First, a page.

Internet Shakespeare Editions

About this text

  • Title: King John: A Survey of Criticism
  • Authors: Michael Best, Sarah Milligan
  • ISBN: 978-1-55058-410-3

    Copyright Michael Best. This text may be freely used for educational, non-profit purposes; for all other uses contact the Editor.
    Authors: Michael Best, Sarah Milligan
    Not Peer Reviewed

    A Survey of Criticism


    Though by no means at the center of the canon, King John has nevertheless managed to develop a significant critical history. Readings and interpretations of King John have been widely varied; Deborah T. Curren-Aquino, in the introduction to her 1994 annotated bibliography--which consists of 1568 items--describes the criticism of the play as indicative of "a literary work with multiple personalities" (xviii). In the twenty years since Curren-Aquino compiled her bibliography, the analyses of the play's "personalities" have become even more numerous and varied.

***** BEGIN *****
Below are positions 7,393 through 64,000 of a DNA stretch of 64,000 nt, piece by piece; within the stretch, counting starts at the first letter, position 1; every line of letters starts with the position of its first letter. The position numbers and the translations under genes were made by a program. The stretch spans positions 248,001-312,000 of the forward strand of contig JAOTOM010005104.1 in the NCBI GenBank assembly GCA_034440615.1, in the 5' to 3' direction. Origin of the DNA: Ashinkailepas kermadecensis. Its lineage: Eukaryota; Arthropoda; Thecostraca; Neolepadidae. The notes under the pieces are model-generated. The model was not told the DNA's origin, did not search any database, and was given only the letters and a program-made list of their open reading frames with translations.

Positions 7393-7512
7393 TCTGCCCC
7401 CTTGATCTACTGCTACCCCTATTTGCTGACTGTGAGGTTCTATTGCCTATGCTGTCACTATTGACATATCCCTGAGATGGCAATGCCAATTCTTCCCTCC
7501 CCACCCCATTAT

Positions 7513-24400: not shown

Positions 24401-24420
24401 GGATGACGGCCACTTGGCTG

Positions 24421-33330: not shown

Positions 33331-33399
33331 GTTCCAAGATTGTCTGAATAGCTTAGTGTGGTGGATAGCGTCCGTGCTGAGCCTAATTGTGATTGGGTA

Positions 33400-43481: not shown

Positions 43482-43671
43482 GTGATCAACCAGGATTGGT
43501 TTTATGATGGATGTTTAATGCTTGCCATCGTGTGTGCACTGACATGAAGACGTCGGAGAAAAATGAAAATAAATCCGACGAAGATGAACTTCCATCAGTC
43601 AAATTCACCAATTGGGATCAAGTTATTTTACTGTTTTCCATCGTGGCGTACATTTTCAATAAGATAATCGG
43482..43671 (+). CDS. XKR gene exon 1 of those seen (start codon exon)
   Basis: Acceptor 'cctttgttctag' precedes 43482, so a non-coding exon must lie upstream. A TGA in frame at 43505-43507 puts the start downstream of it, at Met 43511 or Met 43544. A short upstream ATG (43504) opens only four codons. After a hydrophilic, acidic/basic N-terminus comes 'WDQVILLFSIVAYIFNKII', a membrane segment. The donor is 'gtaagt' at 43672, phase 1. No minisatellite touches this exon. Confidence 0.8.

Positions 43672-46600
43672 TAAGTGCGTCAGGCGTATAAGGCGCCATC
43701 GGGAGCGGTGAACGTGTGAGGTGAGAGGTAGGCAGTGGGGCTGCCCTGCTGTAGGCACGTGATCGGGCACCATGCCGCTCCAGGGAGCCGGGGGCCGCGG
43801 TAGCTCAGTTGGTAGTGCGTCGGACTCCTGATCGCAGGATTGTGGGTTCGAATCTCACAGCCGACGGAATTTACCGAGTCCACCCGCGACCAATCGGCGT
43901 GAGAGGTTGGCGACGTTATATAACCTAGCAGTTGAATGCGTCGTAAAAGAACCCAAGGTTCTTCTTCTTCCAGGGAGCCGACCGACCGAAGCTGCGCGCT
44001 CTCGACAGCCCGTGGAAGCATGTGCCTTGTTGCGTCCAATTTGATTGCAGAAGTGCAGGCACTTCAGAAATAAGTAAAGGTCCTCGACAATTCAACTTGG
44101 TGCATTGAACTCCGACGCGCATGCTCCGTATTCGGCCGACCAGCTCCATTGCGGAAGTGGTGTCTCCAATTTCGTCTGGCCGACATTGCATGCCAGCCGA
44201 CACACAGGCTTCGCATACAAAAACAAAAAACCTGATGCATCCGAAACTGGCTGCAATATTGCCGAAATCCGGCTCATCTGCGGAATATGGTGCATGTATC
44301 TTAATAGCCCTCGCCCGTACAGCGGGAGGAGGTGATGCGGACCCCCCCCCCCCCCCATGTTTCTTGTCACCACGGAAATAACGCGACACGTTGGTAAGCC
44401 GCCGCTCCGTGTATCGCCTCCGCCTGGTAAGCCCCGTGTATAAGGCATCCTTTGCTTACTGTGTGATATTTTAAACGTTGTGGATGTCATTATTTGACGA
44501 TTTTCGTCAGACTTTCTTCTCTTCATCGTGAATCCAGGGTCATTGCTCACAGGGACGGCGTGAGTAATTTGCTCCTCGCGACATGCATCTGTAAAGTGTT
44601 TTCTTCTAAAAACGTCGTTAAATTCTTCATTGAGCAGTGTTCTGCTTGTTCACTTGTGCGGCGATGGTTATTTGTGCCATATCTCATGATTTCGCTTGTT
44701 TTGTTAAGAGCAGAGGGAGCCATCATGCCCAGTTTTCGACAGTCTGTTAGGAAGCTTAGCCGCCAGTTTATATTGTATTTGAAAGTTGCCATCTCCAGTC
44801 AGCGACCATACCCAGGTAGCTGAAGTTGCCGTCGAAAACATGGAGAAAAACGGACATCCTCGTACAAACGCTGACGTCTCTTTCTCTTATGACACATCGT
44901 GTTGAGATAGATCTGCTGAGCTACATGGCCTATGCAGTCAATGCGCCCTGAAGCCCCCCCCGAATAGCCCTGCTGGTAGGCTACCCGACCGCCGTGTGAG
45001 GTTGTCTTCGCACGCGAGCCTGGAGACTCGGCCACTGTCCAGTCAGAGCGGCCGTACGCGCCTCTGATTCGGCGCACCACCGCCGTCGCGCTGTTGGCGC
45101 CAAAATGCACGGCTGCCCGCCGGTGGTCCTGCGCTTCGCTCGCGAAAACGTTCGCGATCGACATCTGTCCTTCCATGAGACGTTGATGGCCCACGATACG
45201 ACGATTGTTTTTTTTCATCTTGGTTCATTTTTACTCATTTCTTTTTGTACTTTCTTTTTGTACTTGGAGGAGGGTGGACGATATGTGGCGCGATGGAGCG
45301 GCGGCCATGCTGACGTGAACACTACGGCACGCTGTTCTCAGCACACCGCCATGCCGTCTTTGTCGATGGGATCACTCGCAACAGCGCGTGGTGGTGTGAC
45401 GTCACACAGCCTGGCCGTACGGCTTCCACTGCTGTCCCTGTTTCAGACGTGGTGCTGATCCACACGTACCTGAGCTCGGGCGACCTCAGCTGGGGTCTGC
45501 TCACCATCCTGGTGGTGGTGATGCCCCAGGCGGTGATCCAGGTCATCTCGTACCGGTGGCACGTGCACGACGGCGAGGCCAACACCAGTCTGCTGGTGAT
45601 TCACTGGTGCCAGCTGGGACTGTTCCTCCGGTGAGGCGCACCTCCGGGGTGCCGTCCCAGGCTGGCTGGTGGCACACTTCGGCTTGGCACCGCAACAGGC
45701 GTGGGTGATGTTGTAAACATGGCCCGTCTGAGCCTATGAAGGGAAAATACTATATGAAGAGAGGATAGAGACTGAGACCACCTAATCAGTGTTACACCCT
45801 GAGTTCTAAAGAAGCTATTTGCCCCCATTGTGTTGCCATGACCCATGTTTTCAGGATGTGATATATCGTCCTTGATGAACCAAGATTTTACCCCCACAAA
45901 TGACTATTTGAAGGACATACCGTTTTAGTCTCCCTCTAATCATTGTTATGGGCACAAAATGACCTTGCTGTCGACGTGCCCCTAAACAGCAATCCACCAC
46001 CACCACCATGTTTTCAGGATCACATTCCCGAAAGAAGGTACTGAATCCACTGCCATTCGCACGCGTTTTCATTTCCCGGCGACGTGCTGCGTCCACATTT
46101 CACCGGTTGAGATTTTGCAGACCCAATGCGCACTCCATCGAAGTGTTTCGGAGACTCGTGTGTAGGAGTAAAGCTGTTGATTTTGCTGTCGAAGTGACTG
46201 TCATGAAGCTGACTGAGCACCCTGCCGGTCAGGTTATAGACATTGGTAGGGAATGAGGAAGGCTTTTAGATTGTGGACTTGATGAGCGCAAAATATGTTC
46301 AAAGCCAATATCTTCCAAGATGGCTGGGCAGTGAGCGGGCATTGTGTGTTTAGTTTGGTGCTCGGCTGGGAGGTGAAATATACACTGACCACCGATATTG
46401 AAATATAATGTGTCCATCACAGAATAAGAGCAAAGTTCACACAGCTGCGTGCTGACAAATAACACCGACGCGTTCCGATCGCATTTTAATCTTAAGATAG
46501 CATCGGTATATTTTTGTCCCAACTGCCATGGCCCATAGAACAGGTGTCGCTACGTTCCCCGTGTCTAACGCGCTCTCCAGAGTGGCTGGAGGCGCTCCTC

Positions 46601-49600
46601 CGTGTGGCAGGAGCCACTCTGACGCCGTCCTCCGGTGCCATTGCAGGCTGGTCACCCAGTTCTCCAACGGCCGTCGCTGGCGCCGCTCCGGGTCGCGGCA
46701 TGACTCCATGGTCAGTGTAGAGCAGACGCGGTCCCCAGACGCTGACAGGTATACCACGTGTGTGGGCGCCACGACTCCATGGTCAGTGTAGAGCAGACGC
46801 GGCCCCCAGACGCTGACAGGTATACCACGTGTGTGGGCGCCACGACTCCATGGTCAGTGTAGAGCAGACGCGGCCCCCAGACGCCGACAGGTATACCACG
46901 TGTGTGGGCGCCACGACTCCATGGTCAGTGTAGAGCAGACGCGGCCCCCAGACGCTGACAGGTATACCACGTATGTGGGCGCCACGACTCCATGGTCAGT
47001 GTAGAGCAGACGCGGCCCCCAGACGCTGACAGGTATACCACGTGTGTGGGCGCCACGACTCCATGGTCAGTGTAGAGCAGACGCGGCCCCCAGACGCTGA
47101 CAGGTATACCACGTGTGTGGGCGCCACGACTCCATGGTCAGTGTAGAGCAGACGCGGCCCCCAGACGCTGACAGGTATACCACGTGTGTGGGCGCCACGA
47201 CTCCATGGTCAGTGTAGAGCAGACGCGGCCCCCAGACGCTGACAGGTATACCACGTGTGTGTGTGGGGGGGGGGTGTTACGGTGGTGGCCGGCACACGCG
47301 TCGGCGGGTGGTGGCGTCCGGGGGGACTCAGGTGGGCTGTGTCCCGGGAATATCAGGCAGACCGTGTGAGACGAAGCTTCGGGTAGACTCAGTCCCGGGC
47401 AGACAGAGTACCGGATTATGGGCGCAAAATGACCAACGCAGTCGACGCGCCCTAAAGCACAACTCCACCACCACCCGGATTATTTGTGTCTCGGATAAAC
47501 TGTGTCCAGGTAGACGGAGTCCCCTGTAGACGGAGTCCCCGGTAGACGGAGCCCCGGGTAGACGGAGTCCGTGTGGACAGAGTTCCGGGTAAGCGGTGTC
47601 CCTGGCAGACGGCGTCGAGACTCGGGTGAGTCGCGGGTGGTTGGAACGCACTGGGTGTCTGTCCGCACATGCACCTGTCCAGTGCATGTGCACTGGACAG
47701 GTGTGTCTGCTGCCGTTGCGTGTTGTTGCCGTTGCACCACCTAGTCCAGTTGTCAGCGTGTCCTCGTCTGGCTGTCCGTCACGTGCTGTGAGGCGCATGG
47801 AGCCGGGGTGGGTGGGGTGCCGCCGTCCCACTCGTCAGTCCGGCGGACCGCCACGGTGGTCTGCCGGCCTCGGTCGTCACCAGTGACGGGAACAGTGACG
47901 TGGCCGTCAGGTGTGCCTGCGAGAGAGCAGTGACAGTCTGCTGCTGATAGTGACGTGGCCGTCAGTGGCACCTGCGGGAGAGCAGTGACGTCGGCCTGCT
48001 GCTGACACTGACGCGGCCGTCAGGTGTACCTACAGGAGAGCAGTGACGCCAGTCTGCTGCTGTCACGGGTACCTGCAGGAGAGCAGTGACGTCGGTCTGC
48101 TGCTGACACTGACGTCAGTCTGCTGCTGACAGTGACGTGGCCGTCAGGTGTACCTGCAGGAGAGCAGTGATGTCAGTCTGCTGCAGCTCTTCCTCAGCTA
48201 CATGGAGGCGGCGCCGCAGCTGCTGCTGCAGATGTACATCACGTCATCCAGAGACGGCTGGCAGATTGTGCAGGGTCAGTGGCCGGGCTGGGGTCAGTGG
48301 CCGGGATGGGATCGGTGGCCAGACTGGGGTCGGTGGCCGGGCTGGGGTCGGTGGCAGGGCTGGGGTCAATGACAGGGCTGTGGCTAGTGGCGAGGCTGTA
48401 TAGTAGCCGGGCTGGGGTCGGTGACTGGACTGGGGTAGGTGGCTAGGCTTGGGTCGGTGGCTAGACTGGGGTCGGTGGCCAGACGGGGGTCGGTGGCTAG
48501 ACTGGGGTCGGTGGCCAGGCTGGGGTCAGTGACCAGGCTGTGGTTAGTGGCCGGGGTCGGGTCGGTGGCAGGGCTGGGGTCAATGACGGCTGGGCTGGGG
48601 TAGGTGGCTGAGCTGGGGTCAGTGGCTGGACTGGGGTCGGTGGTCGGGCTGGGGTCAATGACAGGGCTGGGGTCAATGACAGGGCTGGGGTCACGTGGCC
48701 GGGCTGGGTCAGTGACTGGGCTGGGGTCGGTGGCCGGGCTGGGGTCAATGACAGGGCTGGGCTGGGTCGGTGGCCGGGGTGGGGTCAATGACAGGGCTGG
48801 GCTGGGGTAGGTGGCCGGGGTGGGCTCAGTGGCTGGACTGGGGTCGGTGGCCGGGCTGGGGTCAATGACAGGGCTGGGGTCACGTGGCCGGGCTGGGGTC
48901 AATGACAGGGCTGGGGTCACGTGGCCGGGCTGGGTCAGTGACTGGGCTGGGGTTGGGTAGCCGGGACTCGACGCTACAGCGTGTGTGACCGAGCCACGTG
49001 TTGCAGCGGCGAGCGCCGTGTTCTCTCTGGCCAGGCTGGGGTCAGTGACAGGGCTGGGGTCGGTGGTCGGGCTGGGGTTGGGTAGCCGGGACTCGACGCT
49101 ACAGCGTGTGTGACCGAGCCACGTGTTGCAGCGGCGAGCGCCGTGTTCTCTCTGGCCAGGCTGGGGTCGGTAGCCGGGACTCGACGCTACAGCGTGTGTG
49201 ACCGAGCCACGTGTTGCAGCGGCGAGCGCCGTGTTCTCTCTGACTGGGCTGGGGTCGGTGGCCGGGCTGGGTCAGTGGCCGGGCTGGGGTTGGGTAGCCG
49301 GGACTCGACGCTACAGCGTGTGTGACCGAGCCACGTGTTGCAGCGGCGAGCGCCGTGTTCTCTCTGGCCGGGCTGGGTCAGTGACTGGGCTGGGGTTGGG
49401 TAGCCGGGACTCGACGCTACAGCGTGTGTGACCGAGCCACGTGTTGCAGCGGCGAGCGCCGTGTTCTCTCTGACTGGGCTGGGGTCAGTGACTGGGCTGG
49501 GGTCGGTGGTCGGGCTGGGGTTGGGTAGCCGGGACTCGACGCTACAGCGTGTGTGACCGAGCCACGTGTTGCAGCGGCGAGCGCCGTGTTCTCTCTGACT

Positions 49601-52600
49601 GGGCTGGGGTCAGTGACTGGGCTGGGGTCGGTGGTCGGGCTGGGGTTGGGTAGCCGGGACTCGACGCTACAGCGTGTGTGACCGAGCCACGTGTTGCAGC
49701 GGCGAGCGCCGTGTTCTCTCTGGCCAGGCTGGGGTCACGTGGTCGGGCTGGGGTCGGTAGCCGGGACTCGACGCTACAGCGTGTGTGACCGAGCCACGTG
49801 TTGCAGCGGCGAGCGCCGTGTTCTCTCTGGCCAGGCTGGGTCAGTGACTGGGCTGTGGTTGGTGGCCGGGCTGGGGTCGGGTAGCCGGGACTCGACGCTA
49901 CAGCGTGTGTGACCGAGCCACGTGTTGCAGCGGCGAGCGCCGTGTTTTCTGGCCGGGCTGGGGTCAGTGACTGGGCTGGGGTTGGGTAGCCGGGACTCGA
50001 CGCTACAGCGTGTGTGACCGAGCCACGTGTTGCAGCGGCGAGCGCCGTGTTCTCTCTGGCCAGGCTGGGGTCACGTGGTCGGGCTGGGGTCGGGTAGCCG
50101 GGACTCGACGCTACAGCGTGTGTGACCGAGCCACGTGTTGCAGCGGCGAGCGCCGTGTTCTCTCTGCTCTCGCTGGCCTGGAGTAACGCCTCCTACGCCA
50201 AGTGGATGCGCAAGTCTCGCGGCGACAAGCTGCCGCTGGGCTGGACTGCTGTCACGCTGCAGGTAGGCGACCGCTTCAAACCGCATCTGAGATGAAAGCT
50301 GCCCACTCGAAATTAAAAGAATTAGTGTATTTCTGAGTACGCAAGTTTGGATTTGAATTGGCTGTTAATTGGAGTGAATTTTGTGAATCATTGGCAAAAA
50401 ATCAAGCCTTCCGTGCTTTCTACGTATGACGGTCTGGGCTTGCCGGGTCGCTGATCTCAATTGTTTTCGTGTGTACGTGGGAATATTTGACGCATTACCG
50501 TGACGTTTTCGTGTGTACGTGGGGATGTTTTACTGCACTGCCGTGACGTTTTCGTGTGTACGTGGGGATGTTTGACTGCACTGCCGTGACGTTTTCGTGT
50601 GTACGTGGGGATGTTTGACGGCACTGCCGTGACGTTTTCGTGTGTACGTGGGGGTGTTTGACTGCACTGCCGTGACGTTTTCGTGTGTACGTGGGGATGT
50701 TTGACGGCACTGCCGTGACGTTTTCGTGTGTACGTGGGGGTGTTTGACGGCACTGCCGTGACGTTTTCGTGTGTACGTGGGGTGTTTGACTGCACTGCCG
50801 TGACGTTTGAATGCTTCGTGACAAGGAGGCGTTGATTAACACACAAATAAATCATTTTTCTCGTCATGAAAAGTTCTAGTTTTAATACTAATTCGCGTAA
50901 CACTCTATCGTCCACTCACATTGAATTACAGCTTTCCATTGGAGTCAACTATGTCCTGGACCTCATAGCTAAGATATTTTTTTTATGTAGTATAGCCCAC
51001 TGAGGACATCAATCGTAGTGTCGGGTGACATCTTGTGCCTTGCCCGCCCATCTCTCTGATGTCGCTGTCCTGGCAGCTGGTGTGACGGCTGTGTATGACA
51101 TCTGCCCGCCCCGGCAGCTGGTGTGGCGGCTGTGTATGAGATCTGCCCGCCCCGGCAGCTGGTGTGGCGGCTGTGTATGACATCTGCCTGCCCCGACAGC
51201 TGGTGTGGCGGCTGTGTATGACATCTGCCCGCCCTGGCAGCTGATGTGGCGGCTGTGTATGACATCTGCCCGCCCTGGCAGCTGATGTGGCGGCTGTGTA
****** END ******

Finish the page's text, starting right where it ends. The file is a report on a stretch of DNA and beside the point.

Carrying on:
The first issue, to which almost all critics must necessarily refer, concerns King John and an anonymous play published on 1591, the Troublesome Reign of King John. While the Textual Introduction provides a more thorough analysis of dating of these two plays, here, I will identify some of the key arguments and players concerning the authorship and order of the plays, a critical crux that has followed King John since the eighteenth century. Secondly, I will examine some of the most significant contextual readings of King John; these consider the play against the biographical, political and religious situations at the time of its composition. Finally, I will focus on the critical readings of some of King John's most memorable characters.